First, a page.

QUESTION: I’m sorry Minister, do you think that you are actually doing enough in PNG given that it is an unfolding crisis. We have just heard there is more than 10,000 cases and those are just the ones we know about, likely to be one in three I understand. So how much more can you do, and shouldn’t you be doing more?

MINISTER SESELJA: Well I think, I’ll point out what we are doing, and it is quite significant. So, our support from a health perspective didn’t start in the last couple of months or last couple of weeks in PNG. In fact, there has been around $60 million [AUD] of direct health support during this period as well as economic support. We have committed $144 million [AUD] to vaccine rollout in PNG. For full vaccine rollout in the region, we have put forward our AUSMAT teams which are doing health assessments on the ground and coordinating, working with PNG authorities to then bring in additional support. We have delivered doses on the ground and committing to many more doses.

We are also working, not just through the COVAX facility but we are working with, putting the case to European governments in terms of the one million doses that we had contracted to come out of Europe, for AstraZeneca vaccines, we have put forward that all of those one million doses if they are released by European authorities would go to PNG. So, our support for PNG is comprehensive, it’s ongoing, it’s long standing but yes they are facing very serious challenges now and we have our people on the ground working with PNG Government, working with NGO’s to deliver that support right across the board.

QUESTION: Minister Seselja, is there anything you think that New Zealand could learn from Australia in terms of your approach to offering labour jobs to people in the Pacific. There has been lots of calls here [in NZ] in recent months to increase our numbers of RSE works, the seasonal workers. Is there anything you think New Zealand could learn from Australia’s approach?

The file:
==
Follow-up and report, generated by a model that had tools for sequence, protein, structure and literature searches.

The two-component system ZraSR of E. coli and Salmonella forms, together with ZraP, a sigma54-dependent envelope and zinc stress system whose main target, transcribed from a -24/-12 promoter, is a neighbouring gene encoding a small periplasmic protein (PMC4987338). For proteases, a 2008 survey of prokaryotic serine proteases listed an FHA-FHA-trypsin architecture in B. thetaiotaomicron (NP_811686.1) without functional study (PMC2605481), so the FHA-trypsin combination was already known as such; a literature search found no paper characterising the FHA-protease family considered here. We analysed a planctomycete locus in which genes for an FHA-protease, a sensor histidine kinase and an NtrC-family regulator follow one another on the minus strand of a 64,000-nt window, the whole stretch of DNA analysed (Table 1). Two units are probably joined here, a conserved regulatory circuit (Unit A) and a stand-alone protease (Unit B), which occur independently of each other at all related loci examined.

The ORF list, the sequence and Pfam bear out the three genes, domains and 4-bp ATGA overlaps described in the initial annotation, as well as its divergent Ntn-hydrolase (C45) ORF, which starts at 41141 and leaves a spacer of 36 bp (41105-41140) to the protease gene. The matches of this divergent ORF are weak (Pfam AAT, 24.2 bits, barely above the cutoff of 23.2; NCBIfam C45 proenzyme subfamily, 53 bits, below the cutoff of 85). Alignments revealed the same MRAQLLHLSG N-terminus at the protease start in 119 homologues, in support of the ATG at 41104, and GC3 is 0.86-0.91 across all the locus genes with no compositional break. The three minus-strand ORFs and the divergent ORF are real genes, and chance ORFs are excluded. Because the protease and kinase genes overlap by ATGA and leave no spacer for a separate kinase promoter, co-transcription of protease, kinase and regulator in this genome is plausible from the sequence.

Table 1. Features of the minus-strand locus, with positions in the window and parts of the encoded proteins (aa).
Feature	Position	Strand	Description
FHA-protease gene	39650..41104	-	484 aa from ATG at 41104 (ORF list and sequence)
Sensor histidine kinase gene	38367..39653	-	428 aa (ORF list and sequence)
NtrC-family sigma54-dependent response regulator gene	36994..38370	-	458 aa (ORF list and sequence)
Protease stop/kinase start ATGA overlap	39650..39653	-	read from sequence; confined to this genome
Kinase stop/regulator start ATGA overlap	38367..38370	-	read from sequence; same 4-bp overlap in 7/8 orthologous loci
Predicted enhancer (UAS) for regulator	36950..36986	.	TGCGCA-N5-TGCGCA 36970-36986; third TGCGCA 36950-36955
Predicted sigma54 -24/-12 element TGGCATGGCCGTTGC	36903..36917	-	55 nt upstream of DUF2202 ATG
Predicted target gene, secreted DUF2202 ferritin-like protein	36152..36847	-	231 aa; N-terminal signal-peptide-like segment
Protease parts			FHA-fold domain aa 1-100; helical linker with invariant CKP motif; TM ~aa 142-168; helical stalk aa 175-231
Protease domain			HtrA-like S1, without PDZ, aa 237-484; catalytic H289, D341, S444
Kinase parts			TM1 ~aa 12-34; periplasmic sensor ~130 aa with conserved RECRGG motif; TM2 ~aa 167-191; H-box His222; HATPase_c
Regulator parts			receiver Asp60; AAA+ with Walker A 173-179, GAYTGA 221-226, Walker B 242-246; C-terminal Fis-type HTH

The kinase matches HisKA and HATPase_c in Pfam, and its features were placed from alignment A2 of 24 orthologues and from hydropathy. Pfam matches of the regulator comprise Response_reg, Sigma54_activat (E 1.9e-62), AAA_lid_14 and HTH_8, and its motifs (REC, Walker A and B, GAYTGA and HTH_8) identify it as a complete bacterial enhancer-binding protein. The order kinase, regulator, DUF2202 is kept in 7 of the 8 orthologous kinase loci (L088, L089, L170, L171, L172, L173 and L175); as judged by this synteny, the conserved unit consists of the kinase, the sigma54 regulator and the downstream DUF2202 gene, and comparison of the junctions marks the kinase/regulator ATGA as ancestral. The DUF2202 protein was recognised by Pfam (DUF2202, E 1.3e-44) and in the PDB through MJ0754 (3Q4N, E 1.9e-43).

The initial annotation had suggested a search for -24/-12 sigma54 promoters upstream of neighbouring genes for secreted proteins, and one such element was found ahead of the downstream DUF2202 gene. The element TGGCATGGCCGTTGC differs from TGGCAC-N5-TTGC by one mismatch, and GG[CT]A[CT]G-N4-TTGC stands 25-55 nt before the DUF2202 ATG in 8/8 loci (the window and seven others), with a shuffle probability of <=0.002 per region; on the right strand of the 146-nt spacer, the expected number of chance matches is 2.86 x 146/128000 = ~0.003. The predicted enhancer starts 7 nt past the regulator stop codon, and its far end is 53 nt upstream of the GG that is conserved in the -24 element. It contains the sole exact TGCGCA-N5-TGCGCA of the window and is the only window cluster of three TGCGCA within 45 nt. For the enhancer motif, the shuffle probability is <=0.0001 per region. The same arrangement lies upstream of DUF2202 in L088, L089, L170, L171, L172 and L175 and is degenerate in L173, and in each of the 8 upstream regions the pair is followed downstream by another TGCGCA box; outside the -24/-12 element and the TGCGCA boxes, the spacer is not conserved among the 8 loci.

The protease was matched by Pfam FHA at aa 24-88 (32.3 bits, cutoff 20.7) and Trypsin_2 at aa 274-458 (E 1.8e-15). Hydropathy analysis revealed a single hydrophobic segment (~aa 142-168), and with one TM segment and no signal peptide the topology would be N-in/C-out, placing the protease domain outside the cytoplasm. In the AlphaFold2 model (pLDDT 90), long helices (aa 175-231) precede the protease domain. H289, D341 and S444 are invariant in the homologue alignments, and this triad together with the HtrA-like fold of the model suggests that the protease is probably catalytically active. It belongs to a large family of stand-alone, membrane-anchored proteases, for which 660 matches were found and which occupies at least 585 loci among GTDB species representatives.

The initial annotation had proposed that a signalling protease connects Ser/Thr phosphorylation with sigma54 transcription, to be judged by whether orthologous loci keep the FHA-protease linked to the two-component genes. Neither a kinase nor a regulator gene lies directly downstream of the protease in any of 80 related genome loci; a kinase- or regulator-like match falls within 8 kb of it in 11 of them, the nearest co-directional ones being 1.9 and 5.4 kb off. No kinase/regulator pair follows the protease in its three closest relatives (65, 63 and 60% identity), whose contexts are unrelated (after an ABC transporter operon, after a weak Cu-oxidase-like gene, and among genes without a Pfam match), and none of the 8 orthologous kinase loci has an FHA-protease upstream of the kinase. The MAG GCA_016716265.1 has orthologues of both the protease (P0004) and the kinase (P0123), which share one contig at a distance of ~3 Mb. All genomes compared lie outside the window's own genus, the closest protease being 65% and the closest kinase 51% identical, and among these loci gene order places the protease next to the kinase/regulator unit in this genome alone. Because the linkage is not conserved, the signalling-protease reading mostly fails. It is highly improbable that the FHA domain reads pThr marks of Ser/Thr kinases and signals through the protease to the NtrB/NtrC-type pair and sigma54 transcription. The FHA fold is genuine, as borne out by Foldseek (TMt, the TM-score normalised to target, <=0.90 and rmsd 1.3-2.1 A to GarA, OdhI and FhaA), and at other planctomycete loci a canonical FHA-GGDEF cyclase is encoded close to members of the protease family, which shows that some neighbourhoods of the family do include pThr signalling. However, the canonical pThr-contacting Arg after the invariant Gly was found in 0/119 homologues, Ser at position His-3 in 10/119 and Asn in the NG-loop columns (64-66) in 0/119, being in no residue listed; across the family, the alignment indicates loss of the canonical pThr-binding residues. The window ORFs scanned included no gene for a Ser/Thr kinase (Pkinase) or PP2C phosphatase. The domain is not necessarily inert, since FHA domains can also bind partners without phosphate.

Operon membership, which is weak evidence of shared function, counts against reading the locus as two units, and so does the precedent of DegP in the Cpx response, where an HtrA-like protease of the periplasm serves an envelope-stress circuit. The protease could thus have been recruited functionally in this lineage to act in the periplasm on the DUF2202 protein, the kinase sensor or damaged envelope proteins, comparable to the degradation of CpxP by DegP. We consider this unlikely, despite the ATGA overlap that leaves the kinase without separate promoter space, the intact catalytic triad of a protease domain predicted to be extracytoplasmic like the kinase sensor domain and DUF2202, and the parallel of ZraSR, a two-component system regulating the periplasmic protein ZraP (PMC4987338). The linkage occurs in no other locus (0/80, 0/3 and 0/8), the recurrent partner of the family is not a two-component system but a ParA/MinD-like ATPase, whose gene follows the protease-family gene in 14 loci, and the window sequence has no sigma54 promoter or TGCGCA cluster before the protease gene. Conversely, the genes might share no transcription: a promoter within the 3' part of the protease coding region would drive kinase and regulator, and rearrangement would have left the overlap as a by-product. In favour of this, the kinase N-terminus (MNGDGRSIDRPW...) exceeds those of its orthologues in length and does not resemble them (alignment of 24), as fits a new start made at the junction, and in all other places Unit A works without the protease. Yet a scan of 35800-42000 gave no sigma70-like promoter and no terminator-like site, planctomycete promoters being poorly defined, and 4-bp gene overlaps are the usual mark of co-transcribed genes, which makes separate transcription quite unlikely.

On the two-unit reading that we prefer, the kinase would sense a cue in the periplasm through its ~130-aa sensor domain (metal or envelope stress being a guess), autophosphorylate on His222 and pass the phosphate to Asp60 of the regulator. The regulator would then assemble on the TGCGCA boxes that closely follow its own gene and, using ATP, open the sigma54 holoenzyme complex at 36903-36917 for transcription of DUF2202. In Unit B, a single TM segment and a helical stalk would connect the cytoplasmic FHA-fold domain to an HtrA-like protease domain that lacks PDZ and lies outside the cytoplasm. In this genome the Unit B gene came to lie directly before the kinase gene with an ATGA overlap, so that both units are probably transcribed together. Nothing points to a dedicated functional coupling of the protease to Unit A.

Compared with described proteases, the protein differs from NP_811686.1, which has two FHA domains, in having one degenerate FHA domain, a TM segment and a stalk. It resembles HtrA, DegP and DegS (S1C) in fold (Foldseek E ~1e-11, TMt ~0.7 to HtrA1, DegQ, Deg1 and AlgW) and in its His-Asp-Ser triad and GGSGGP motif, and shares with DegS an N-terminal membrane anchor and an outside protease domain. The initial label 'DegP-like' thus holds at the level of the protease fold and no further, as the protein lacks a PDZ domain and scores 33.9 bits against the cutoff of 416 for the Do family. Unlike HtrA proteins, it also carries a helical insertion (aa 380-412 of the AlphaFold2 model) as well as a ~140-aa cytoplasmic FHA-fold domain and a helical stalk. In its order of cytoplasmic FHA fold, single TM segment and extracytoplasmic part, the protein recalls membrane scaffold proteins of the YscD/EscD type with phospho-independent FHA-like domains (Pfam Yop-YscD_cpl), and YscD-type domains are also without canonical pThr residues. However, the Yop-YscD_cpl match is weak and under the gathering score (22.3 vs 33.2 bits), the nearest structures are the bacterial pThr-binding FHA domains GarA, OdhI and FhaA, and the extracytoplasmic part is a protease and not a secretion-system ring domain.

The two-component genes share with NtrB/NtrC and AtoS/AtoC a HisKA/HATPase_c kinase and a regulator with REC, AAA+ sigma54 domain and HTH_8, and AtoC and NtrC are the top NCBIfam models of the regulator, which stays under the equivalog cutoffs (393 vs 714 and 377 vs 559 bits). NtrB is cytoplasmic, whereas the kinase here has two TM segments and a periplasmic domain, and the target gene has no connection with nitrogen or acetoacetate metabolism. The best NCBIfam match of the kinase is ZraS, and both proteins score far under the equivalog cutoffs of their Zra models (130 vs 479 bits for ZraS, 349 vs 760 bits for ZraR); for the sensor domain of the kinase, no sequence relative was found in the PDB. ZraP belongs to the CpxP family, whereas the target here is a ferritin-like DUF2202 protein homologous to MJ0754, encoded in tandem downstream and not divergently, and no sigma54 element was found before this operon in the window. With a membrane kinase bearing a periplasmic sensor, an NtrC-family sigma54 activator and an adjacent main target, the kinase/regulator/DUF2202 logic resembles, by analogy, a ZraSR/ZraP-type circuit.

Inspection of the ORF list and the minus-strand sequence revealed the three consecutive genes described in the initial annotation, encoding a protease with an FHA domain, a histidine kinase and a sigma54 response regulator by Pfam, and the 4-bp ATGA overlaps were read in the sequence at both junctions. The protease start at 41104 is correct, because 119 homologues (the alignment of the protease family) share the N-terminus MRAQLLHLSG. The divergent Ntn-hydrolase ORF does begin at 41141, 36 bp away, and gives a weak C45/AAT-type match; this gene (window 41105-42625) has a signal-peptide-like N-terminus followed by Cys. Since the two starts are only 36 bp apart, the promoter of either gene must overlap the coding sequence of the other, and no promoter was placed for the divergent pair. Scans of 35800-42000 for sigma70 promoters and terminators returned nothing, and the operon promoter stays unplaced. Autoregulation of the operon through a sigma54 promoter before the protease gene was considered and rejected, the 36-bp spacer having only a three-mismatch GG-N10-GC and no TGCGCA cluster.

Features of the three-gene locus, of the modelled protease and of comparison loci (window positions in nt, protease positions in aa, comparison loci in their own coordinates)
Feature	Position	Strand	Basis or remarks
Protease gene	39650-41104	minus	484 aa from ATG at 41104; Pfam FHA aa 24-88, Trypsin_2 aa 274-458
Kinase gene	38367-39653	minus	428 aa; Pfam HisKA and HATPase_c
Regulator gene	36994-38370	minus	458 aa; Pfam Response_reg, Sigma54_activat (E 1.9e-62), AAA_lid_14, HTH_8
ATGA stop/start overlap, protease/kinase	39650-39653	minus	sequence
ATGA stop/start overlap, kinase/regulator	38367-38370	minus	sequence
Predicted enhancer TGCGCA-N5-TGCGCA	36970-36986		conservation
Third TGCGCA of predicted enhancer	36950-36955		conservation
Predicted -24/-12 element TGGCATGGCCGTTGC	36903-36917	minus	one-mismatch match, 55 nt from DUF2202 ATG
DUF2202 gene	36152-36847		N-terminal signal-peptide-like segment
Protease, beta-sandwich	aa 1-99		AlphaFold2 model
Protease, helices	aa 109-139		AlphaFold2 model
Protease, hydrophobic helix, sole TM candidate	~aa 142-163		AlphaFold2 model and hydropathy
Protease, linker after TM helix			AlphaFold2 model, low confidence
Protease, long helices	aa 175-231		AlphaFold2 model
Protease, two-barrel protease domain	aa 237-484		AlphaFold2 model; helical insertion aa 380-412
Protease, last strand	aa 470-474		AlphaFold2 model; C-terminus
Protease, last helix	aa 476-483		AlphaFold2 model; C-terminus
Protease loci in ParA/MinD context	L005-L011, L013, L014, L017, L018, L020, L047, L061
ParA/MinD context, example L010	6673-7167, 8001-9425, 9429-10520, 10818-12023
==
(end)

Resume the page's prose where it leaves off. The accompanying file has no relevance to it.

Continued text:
MINISTER SESELJA: Well I don’t think it’s a matter for me to tell the New Zealand Government what they could learn from us. Because I think that they are making a lot of efforts as I understand it, bringing in workers from the Pacific as we are. We have faced challenges, and I’m sure some of those challenges would not be unique to Australia in bringing in some of those workers during this period. So, we had suspended our Pacific labour schemes for a period, it started again in August. Since that time, we have brought it over 4,000 workers. I would like to see those numbers increase. And in some of the discussions we have had, I won’t speak for the New Zealand Government, but they have indicated they are doing similar things. I don’t know if you Minister [Sio] want to add?

MINISTER SIO: We had 2,000 of RSE workers return to New Zealand. Our focus has been to make sure that those workers are protected. The whole idea with the scheme was to be able to support the locally economies back in the islands. But what happened in the start of the pandemic is we saw a lot of those workers be locked up in here and end up spending their wages on accommodation and other things. This time we are putting a lot more responsibility on the employers themselves who are willing. It is a win-win situation for the employers. So, they are having to pay living wage while they have been quarantined and were providing pastoral care at those levels. I’ve been meeting with some of those employers to make sure that there is support from local diaspora for those workers. But one of the things that we did say when brought the new cohort of 2,000 was it was on the basis that those countries would be prepared to repatriate them when the is up. Because we are also seeing the longer, they are out here, other issues are arising, mental health et cetera. So, our priority has been about supporting that work force here. What we want to look at other ways of increasing those numbers because it does help sure up remittances back to the islands.